On Wall Street, they may be popping the champagne bottles over big bank profits this past quarter. But times are tough for small to mid-size banks around the country as failures mount higher and higher.
The top 10 bailed-out banks -- Citigroup, Bank of America, JPMorgan Chase, Wells Fargo, Goldman Sachs, Morgan Stanley, PNC Financial, U.S. Bancorp, SunTrust and Capital One - have reported combined profits this year of $13.5 billion in the first quarter, $16.8 billion in the second quarter and $11 billion in the third quarter after a massive $18 billion loss in the fourth quarter of 2008.
Meanwhile, the number of failed banks has quintupled, from 10 in the third quarter of 2008 to 50 in the third quarter of 2009. So far this year, 106 banks with assets totaling $106 billion have failed, almost half of which have been concentrated in three states (California, Georgia and Illinois). That has put a major dent in the Federal Deposit Insurance Corporation's fund that insures deposits which recently fell into the red.
While several giant banks such as Washington Mutual and IndyMac failed last year, this year the list has been dominated by small and mid-size banks such as Brickwell Community Bank in Woodbury, Minn., which had just a single branch and $72.6 million in assets. And it promises to keep getting worse for such banks. As the New York Times recently reported:
Burdened by worsening commercial real estate loans, many small banks' troubles are just beginning. Many analysts say that the now-toxic loans could sink hundreds of small lenders over the next few years and place a significant drag on the economy.
Below, we've charted the rise in profits for the top 10 recipients of bailout funds versus the rate of failure for U.S. banks:
Some economists have questioned what seems to be a two-tier system.
"There is no good case for making the smaller, competitive, community-oriented institutions take the brunt of the down-sizing, as opposed to the bloated, ungovernable, and predatory institutions that were at the center of the crisis," Nobel-Prize-winning economist Joseph Stiglitz told a Senate committee back in April.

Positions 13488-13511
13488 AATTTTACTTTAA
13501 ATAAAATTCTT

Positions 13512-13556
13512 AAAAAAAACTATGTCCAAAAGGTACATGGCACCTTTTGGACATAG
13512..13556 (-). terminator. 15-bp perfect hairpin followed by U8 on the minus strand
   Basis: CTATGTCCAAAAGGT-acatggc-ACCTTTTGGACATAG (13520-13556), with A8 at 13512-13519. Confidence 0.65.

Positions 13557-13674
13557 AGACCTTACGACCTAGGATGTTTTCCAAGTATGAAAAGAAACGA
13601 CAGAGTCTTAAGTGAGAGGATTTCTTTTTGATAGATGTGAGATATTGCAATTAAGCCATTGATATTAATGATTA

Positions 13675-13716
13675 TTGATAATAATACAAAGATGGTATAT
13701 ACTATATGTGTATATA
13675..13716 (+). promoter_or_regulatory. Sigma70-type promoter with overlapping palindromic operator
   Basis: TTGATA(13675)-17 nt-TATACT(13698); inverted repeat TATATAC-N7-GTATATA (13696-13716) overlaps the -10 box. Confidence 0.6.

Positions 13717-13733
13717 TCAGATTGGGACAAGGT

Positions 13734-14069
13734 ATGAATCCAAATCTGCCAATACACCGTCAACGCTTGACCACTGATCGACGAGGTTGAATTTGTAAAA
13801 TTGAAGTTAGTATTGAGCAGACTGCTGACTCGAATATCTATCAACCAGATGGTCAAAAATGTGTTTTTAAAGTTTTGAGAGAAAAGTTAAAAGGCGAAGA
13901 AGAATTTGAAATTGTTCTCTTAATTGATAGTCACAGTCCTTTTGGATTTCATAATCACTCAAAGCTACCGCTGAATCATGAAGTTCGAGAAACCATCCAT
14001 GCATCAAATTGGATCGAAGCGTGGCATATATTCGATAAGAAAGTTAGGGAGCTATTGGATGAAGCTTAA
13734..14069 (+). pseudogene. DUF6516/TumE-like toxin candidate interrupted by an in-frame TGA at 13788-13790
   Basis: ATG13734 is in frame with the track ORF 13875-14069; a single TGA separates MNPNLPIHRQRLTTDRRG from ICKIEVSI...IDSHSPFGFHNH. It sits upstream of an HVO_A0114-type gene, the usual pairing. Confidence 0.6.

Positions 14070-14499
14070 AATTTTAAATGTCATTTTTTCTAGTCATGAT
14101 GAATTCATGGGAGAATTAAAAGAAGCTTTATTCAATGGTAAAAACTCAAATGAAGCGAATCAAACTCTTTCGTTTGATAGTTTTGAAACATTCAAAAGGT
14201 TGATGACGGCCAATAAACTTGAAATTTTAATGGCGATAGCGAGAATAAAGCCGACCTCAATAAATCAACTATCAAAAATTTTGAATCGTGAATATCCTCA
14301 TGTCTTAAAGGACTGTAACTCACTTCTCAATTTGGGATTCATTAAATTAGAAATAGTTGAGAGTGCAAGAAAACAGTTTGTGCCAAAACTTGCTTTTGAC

Last month, economists Dean Baker and Travic McArthur described how government policy may end up increasing the disparity between "too big to fail" banks that have received billions in bailout dollars and smaller banks that were allowed to fail:
"A predicted result of a formal TBTF policy is that the gap between the interest rate that smaller banks must pay to obtain deposits and otherwise borrow funds and the interest rate paid by the TBTF banks would increase, since the TBTF banks are now effectively able to borrow all their
funds (not just smaller deposits) with the backing of the federal government."
And banking officials in states hit by bank failures have also been outspoken in their criticism of the administration's policy. "Federal policy has not treated the rest of the industry with the same expediency, creativity or fundamental fairness," Joseph A. Smith Jr., the North Carolina commissioner of banks, testified in Congress earlier this month. "This has been a lost opportunity for the federal government to support community and regional banks and provide economic stimulus."
The message seems to be sinking in with the Obama administration, which is set to revise its policy on such banking behemoths this week.
"'Too big to fail' has become worse," FDIC chair Sheila Bair told USA TODAY last week. "It's become explicit when it was implicit before. It creates competitive disparities between large and small institutions, because everybody knows small institutions can fail. So it's more expensive for them to raise capital and secure funding."
President Obama himself acknowledged the perception of such a disparity in a July speech though he defended the administration's approach during the financial crisis: "I know that many community bankers consider it unfair that small banks--which did not cause the financial mess--are allowed to fail, while larger banks that took the biggest risks are rescued. That's an understandable reaction. But we can't escape the reality that certain institutions, by virtue of their size or their linkages to key markets, pose unique risks to the system and can bring others down with them."
Yet the White House seems to be watering down any drastic reform of its policy, with reports that the Treasury Department "have decided against making financial firms pay upfront the costs of dismantling them if regulators decide they have grown "too big to fail," according to a House aide familiar with the plan," notes the Associated Press:
Instead, those companies would be allowed to borrow money from the government. The government would then recoup the costs by either seizing the firm's profits or seeking restitution from the entire industry, the aide said.